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Hiring Process After Interview

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Hiring Process After Interview

So you’ve just had a great interview, and you’re excited about the role and the company. You did a great job, prepared awesome questions, and felt like the whole process went really well. Now you’re wondering what the next step is in the hiring process after interview.

Every company is different, but companies with the best hiring process that prioritize their candidate experience will follow up more quickly than others.

It can be tough to decide when to follow up, and they may have even given you a date that they’d follow up by, but if that date has come and gone, don’t panic. Other things may have come up, so not hearing back when you expected to doesn’t mean you didn’t get the position. 

Organizations have different hiring process steps in place, so it may be that they’re caught up on one of the longer steps, like background or reference checks. But we know the waiting game is hard. When you’re stuck wondering when you’ll hear back from a hiring manager or recruiter, it may make you panic or cause you anxiety. But there are some important things to remember:

  • Don’t assume you didn’t get the role
  • Don’t stop your job search 
  • Don’t be afraid to ask the recruiter how the process is coming along

The hiring process sometimes takes more time, and if certain interviews are taking longer than expected to schedule, or critical decision makers are out, the process can be delayed even further. 

So we’ve put together this blog to help illustrate the hiring process, including interview steps and timelines, to help put you at ease. 

Interview process steps

The interview process can be vastly different from organization to organization. Some companies have 5 stages of interview process steps, others have a dozen interview process steps. This doesn’t make one process better than the other, but what does qualify as the best interview process is one that prioritizes the candidate experience. If you felt welcome during the interview, if the interviewer made conversation with you, and if you received prompt feedback, you’re likely to hold that interview process above others. While it’s important to remember that things do come up in between interviews and deadlines, you shouldn’t be waiting months to hear back from an employer.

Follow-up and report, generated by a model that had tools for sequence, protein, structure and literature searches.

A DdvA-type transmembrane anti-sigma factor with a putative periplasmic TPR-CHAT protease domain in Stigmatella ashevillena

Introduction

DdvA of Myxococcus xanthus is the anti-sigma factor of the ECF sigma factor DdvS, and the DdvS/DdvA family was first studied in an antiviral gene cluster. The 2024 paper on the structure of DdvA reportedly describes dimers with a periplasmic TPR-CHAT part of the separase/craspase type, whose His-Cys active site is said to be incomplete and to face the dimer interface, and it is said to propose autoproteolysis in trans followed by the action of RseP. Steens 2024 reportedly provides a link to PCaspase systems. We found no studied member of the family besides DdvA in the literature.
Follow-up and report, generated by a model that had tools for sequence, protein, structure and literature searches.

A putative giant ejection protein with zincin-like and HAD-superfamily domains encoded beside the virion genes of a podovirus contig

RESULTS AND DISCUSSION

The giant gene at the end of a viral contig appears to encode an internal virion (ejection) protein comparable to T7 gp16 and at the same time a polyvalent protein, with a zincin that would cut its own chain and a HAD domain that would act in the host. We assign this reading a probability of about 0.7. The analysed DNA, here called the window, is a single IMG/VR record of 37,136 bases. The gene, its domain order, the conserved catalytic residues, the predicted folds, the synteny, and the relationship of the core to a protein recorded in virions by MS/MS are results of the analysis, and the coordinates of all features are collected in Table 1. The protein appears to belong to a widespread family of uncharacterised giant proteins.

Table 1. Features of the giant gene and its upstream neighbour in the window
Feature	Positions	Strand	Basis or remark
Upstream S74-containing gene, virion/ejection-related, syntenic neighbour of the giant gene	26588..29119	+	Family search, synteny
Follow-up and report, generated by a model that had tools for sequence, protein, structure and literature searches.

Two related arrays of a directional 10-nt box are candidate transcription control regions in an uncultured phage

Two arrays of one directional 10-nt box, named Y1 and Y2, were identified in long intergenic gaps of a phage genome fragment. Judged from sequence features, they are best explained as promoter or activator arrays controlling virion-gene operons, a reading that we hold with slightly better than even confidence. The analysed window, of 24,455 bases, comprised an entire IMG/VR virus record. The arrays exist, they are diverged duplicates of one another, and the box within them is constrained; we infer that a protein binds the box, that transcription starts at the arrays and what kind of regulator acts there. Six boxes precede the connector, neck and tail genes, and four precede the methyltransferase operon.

A common interview process for employers is as follows:

  1. Issue a pre-screen survey after an applicant has applied
  2. Conduct a phone screen with an HR team member or a recruiter
  3. Set up an interview with the hiring manager
  4. Issue a skills test
  5. Review the skills test
  6. Issue a request for references
  7. File a background check
  8. Decide on a candidate
  9. Call candidate to let them know they’ve been selected
  10. Send an offer letter

Like I said, there’s variability in this outline, but this represents a common recruitment and selection process flowchart. So if you’re stuck at number 3 or even 4 for more than a couple weeks or longer than you were told you would be, you should follow up with the recruiter to see if there’s any further information they may need from you. It’s possible that they’ve not heard back from your references, or other candidates are still going through the interview process. 

Either way, you shouldn’t be worried about following up to clarify. 

How long after an interview is a job offer made?

You may wonder “how long after an interview is a job offer made?” but that’s another tricky question. A typical timeline is three weeks to a month, but Hireology customers often complete their entire hiring process in about 22 days, so it differs from organization to organization. 

Depending on the size of their HR team and the HR tech they have in place, it can take over a month to hear back, which can be frustrating. The best thing you can do is ask at the end of each interview when you should expect to hear back about the position and what the next steps are. That way, you know after final interview how long to wait to follow up with the recruiter.